MORE OR LESS: Changing how we approach the amount of water we need to drink each day.
MORE OR LESS: Changing how we approach the amount of water we need to drink each day. KHuni

Stay hydrated! Forget the myths and stick with these tips

THE old adage of drinking at least eight glasses of water a day is out the door. Instead, an expert advises we should consume as much as our body needs.

Nephrologist and Transplant Physician at St Vincent's Hospital Melbourne and Deakin University School of Medicine deputy head, Professor Karen Dwyer, said there are many variables to consider when determining just how much water we need each day to quell our thirst and keep us healthy.

"Your body is finely tuned to regulate your fluid and you need to respond to the cues that your body initiates," Professor Dwyer said.

Some of those variables are age, weight, gender, amount of activity, the climate where you live in and the presence of one or more diseases or disorders.

People with health problems such as chronic liver disease, cardiac disease or diarrheal issues - all need to have their fluid intake considered on an individual basis.

The cues for needing to drink more can be you feel thirsty or a bit dizzy, or have a headache, you are hardly going to the toilet during the day or your urine is dark yellow. The cues for drinking less may be that you are running to the toilet many times during the day or your urine is clear or light colour.

"It's responding to your cues and looking at what your body is trying to tell you," Professor Dwyer said.

Water only?

When working out how much water your body needs, don't forget to consider all the different forms water comes in - tea, coffee, and through rice and pasta, fruit and vegetables, for example. While the base amount of water you need each day is probably around two litres, while consuming these drinks and foods you are taking in a lot of that recommended fluid amount.

Water will always be the first and prime recommendation. However, "A cup of coffee or tea is still a significant amount of fluid that is being replaced," Professor Dwyer said. "And yes, you will wee some of that out due to the mild diuretic effect. You are unlikely to become dehydrated just by drinking coffee, for example."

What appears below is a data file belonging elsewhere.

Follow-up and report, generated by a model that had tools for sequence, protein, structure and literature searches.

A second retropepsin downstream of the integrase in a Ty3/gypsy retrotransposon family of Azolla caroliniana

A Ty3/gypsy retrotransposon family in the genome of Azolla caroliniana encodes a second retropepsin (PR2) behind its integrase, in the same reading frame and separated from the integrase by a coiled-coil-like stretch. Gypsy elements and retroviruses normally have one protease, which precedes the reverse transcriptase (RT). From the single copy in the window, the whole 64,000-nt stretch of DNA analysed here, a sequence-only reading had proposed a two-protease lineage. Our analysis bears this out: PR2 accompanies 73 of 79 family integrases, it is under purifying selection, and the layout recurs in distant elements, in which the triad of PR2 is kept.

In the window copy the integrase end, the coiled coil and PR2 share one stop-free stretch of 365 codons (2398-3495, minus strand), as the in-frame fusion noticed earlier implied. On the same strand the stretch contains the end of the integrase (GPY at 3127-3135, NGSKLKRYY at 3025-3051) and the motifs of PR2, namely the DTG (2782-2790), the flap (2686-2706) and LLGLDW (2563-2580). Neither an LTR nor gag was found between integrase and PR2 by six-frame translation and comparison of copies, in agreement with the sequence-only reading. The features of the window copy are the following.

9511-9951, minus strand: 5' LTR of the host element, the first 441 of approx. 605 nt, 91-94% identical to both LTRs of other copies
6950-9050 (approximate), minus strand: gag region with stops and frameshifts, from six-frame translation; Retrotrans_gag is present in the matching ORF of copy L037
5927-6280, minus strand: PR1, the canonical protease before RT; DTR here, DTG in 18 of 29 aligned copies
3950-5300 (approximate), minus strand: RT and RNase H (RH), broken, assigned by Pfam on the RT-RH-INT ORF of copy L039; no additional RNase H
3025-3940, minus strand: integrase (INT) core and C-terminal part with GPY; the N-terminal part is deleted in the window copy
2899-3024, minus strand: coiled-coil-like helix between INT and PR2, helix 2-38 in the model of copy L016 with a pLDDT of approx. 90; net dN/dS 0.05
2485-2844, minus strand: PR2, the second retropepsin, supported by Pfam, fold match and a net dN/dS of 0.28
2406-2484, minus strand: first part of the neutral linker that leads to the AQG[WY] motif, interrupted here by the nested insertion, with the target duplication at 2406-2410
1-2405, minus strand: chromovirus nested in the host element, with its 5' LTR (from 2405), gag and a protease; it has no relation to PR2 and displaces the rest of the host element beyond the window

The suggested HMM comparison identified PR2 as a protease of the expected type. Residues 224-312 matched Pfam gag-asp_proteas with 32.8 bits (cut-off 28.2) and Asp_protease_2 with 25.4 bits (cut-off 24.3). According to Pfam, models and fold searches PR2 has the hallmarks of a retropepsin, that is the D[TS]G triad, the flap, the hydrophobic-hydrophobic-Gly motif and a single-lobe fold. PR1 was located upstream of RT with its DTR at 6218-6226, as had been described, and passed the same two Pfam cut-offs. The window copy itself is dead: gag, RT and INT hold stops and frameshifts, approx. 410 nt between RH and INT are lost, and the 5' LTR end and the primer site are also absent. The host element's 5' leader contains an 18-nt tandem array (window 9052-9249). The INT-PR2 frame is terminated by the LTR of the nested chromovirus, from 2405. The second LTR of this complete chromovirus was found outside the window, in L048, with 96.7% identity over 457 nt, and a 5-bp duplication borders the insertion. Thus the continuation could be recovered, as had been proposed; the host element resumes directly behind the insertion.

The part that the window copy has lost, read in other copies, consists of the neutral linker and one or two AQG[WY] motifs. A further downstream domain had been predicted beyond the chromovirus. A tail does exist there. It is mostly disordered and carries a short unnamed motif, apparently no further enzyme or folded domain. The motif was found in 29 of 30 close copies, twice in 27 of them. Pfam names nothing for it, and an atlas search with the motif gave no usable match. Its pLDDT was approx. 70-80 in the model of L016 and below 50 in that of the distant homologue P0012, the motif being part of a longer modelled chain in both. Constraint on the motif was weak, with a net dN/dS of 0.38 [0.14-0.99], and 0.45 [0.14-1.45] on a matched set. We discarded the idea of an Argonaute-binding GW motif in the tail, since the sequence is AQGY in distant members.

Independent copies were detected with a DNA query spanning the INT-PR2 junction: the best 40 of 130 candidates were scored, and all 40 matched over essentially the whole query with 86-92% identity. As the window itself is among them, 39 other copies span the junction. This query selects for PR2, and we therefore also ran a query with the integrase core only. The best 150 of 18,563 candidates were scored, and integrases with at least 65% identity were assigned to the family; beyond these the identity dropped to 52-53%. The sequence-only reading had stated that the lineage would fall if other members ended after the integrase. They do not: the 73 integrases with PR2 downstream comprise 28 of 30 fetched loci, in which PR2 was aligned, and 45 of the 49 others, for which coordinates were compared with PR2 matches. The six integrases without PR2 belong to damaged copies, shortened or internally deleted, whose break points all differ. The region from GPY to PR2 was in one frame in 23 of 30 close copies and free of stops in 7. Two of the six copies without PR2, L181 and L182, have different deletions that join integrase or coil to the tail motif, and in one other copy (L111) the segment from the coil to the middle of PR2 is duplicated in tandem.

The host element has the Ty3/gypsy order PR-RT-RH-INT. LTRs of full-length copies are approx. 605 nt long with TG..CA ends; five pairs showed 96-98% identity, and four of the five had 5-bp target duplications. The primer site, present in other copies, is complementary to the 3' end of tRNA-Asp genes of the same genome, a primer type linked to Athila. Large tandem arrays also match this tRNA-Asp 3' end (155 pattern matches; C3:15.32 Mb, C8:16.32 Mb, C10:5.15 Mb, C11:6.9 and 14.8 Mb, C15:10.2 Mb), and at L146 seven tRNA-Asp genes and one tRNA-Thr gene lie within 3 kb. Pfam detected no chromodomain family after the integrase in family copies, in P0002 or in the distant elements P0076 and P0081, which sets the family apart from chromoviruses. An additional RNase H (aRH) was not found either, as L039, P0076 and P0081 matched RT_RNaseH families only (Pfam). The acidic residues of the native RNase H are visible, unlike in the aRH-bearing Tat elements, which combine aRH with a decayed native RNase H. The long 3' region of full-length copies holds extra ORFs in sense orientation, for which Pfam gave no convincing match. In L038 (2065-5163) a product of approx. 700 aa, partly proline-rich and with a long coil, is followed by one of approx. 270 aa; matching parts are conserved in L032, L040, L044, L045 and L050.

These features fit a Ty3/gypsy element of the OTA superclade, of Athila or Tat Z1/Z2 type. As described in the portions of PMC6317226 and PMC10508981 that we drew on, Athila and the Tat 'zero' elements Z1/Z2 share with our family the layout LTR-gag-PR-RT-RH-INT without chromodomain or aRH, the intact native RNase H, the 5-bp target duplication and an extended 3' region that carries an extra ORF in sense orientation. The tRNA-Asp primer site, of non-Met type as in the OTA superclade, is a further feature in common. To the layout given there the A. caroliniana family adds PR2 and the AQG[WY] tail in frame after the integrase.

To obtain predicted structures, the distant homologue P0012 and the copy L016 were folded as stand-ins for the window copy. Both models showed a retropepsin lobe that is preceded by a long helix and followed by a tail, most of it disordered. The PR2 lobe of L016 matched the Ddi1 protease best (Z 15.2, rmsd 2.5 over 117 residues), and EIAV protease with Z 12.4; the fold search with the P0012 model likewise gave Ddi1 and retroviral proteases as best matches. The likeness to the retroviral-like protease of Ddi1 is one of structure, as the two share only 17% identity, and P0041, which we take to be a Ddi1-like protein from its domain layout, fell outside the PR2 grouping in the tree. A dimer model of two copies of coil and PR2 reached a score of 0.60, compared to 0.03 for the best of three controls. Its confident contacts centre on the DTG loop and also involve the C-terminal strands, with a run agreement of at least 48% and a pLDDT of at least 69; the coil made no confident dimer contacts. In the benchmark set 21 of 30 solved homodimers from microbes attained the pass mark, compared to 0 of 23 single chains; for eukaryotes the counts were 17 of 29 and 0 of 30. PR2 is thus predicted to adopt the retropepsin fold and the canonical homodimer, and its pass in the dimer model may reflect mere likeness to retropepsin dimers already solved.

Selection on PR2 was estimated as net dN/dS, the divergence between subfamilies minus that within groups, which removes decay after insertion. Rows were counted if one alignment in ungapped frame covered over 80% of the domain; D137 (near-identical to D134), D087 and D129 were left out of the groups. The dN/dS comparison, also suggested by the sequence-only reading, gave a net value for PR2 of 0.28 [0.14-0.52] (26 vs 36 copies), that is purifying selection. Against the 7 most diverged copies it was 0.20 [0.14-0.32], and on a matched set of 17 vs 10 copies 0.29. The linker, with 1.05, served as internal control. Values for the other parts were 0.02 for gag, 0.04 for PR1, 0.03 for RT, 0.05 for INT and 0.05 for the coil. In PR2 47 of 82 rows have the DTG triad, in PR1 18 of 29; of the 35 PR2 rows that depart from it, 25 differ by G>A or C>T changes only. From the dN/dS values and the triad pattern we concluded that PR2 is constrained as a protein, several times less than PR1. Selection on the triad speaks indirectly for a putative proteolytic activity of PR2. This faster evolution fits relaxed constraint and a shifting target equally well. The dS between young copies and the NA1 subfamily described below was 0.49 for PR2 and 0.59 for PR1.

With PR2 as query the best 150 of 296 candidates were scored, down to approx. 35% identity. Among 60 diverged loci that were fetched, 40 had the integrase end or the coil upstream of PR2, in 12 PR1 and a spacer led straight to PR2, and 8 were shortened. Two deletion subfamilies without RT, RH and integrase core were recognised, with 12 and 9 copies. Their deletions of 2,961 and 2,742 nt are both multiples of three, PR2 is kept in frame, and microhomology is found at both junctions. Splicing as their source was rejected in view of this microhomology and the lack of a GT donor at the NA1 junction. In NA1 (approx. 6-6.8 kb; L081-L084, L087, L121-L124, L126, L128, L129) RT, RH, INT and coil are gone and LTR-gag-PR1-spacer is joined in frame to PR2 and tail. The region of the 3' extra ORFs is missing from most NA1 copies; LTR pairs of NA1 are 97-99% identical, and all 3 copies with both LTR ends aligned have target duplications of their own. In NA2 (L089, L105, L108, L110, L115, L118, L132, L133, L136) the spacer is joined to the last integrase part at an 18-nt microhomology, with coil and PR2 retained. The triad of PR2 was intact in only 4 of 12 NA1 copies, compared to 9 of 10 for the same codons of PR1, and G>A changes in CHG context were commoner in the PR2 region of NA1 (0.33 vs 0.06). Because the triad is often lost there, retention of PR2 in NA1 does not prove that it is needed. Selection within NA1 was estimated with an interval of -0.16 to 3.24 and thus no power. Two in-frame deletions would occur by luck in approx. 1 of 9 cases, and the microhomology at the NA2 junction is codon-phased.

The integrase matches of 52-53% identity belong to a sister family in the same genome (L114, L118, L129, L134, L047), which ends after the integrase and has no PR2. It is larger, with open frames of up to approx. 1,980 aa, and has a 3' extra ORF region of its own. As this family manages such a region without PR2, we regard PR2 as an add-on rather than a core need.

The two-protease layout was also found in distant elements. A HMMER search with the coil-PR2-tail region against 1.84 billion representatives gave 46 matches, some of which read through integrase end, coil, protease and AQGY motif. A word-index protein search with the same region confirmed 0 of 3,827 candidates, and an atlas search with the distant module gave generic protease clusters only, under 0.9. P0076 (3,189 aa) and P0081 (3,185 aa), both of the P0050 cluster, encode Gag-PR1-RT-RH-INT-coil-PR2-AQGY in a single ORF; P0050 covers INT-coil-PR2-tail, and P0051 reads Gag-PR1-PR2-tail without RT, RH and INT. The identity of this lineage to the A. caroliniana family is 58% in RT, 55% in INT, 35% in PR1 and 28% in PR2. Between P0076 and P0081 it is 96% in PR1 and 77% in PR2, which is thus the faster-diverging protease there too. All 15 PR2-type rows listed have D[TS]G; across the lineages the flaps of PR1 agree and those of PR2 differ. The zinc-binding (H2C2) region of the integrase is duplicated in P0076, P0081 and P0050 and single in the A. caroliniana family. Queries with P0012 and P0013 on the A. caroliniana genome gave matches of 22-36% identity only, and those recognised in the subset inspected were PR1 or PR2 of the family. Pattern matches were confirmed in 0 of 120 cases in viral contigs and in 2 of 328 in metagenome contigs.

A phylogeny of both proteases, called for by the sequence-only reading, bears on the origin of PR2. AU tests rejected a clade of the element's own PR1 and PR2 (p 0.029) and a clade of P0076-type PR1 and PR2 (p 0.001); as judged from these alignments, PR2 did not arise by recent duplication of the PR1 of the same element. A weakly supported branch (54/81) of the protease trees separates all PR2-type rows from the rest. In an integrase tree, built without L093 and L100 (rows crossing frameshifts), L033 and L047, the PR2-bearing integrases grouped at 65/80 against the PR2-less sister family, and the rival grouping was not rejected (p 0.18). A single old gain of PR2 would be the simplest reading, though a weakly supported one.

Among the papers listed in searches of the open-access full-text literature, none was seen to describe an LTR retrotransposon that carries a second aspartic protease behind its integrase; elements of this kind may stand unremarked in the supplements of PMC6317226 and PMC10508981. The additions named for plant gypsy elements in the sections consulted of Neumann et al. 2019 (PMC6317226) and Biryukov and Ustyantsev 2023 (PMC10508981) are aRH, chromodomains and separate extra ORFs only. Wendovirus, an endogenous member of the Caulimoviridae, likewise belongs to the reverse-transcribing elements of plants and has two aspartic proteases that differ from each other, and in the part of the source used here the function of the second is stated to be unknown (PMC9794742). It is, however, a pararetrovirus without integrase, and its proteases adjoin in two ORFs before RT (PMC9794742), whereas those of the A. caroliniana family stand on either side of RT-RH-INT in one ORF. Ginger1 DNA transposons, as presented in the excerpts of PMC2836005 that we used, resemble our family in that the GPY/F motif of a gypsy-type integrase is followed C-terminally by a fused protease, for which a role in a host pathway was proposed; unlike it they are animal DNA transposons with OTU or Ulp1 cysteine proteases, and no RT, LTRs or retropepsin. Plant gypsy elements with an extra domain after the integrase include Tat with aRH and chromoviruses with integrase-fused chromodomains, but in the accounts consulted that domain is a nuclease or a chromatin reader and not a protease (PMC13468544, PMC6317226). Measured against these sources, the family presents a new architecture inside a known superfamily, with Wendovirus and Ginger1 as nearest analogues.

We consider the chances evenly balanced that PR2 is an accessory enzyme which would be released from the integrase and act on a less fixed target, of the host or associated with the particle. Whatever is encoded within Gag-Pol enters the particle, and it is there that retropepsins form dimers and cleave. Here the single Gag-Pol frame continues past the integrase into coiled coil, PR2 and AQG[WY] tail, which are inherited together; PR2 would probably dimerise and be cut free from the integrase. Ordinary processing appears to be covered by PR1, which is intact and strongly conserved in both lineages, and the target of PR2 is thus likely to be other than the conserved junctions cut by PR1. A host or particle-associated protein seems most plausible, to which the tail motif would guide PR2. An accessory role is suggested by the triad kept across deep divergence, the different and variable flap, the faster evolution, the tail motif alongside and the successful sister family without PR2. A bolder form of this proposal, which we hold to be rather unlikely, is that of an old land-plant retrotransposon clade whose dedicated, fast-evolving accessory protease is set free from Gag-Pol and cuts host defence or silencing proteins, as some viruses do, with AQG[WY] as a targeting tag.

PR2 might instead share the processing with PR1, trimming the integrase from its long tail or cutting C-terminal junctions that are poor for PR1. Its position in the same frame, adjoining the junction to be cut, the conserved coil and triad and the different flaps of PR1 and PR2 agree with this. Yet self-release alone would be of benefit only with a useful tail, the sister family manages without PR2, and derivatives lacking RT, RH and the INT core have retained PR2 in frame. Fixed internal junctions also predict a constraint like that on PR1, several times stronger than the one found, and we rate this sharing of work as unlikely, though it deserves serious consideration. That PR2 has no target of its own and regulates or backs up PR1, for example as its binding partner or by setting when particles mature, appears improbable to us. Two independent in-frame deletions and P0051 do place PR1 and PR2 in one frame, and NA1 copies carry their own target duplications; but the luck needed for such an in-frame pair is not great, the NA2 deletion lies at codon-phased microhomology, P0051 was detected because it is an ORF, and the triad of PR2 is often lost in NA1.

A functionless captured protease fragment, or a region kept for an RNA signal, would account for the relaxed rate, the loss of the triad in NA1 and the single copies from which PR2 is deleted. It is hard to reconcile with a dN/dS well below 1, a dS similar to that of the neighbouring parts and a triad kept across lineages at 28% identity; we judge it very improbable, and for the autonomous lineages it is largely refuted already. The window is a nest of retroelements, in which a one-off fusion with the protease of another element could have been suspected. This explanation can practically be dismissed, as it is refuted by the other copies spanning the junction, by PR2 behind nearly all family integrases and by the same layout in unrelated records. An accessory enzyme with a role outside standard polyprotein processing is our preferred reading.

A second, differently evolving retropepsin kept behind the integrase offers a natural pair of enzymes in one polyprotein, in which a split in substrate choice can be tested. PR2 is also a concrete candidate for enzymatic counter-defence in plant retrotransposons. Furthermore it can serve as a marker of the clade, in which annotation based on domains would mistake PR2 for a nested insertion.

Why drink water?

Since 60 per cent of our lean body mass is made up of water, it's a very important to our body's functions. When you become dehydrated you will lose fluid initially from outside the cells, but eventually the cells will also lose fluid and that's when your body stops working properly.

Our kidneys keep busy

The kidneys regulate the salt content in our blood. "If you reduce your fluid intake, the kidneys will concentrate and not wee out so much fluid so that you maintain this concentration in the blood," Professor Dwyers said. "If you take a heap of fluid in, it's going to wee it out."

Can you drink too much?

For the average person it's reasonably safe to drink as much water as you like during the day. "The kidney is quite a sophisticated organ and has a high regulatory capacity so that it varies your output according to your intake," Professor Dwyer said.

"We lose fluid through sweat, our lungs and bowel, but that is probably a minimal amount unless we are in a really hot climate and we are doing a lot of exercise. On a day-to-day basis, our fluid balance is regulated by our kidneys. If you drink a heap, you are going to week a heap out."

Knowing when to drink?

It's particularly important to remain aware of the hydration needs of people with dementia whose perception of what they need and what is affected by their cognitive decline.

"For people with comorbidities there may need to be some encouragement to ensure that they are drinking, and thinking about things like constipation which may be a symptom that they are not drinking enough fluids," Professor Dwyer said.

"The body's cues will change with time and they become subtler as someone ages which is consistent of the ageing body."

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